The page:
The Modernistic Ideals in THE FANTASTIC Gatsby, a Novel by F. Scott FitzgeraldThe Modernistic Ideals in THE FANTASTIC Gatsby, a Novel by F. Scott Fitzgerald

The Modernistic Ideals in THE FANTASTIC Gatsby, a Novel by F. Scott Fitzgerald

Modernism is discovered as a rejection of realism, which claims that science is always the reason why. The objection that technology was the answer ruled out the thought of God. Many considered atheism when modernism was introduced in the 1920s. Modernism also became a time disappointment. People began to become preoccupied with this is of life. Literary figures of that time period became referred to as the “The Lost Technology.” The authors of the “Lost Generation” began to use new approaches and new matters which were never apart of literature before. “These authors, looking for liberty of thought and actions, changed the facial skin of modern writing. Practical and rebellious, they wrote what they sought and fought censorship for profanity and sexuality. They integrated Freudian ideas to their characters and styles." (Whitley, 2002) An extremely distinguished modernist article writer was F. Scott Fitzgerald. He resided through the 1920s plus some of the activities in his writings reflect genuine events in his private life. F. Scott Fitzgerald's The Great Gatsby was a great exemplory case of modernistic principles. Fitzgerald demonstrates modernistic ideals with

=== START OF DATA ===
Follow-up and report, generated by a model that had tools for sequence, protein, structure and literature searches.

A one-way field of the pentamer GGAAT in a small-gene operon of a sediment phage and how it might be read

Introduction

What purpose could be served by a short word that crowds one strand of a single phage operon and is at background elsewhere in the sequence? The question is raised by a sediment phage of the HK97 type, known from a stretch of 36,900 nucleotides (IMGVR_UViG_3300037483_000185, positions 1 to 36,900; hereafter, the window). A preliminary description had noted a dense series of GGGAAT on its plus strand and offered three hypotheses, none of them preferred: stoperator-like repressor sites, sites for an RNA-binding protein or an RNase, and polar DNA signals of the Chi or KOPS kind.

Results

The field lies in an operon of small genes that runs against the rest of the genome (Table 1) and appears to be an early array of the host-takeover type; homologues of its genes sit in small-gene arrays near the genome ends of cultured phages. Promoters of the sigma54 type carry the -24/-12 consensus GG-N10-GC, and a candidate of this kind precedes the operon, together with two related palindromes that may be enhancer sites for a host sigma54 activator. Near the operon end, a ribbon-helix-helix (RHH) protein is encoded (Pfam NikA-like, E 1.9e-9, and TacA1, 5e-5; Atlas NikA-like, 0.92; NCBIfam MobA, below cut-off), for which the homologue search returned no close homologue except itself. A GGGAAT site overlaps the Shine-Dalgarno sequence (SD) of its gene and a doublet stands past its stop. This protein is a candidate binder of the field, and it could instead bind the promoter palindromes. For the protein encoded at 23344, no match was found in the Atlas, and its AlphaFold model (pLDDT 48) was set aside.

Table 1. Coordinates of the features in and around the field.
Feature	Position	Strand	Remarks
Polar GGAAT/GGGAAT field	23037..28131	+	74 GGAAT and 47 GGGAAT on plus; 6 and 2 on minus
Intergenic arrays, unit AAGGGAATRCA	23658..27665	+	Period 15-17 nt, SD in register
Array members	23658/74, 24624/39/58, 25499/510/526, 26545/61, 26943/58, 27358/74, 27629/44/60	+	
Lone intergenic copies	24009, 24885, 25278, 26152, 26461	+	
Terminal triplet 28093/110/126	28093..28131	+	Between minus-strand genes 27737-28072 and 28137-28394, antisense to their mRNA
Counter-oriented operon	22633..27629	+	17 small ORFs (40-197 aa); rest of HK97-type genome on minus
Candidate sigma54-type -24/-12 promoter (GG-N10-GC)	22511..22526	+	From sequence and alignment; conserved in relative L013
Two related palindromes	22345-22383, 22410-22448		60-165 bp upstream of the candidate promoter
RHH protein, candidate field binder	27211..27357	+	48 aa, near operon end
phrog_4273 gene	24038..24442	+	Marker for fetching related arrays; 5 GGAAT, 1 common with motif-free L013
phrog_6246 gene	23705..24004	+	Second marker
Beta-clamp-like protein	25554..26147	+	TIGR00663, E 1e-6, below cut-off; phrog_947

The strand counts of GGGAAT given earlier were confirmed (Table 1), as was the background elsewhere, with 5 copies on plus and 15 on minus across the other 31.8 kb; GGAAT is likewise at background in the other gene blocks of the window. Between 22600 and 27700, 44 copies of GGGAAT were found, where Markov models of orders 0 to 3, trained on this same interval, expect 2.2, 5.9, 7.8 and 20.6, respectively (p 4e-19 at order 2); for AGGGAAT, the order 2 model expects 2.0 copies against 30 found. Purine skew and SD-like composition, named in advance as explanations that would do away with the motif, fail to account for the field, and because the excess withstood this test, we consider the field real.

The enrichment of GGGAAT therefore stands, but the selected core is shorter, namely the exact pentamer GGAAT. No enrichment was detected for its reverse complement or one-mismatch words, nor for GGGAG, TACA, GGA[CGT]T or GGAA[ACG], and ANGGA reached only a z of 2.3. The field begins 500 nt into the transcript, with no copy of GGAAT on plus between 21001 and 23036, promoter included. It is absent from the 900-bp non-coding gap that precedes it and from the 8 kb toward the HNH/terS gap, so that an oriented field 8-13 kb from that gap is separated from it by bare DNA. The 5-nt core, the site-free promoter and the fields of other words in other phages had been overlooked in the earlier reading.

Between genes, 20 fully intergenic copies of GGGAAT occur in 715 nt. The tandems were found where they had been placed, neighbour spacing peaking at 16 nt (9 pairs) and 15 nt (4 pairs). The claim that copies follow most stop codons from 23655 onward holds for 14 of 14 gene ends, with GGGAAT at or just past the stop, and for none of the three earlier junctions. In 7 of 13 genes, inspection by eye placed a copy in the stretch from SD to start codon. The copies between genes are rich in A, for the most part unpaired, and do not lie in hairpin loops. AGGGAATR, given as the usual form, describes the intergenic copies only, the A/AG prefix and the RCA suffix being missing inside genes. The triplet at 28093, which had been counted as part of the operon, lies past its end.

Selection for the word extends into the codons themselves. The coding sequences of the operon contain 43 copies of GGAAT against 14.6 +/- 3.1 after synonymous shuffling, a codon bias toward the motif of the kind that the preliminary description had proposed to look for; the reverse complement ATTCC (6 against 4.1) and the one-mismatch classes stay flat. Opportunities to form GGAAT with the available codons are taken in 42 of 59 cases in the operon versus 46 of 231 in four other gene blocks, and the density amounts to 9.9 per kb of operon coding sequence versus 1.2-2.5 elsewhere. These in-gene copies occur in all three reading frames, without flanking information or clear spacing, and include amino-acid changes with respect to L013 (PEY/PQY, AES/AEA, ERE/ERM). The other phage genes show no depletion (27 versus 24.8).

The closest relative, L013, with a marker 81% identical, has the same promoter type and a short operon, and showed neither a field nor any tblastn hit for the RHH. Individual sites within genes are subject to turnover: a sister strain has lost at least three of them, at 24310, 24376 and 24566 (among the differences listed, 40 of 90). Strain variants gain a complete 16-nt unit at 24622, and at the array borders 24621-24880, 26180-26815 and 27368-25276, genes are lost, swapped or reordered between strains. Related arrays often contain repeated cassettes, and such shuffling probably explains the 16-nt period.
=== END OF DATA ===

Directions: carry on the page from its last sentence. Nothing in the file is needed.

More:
historical events including the Jazz Age, the application of surrealism, and the entire style of writing.

Fitzgerald uses the Jazz Era as a reflection of modernism in the novel, The Great Gatsby. Two prevailing symbols from the Jazz Age group that were found in the novel are the flappers and the music. The characters Jordan

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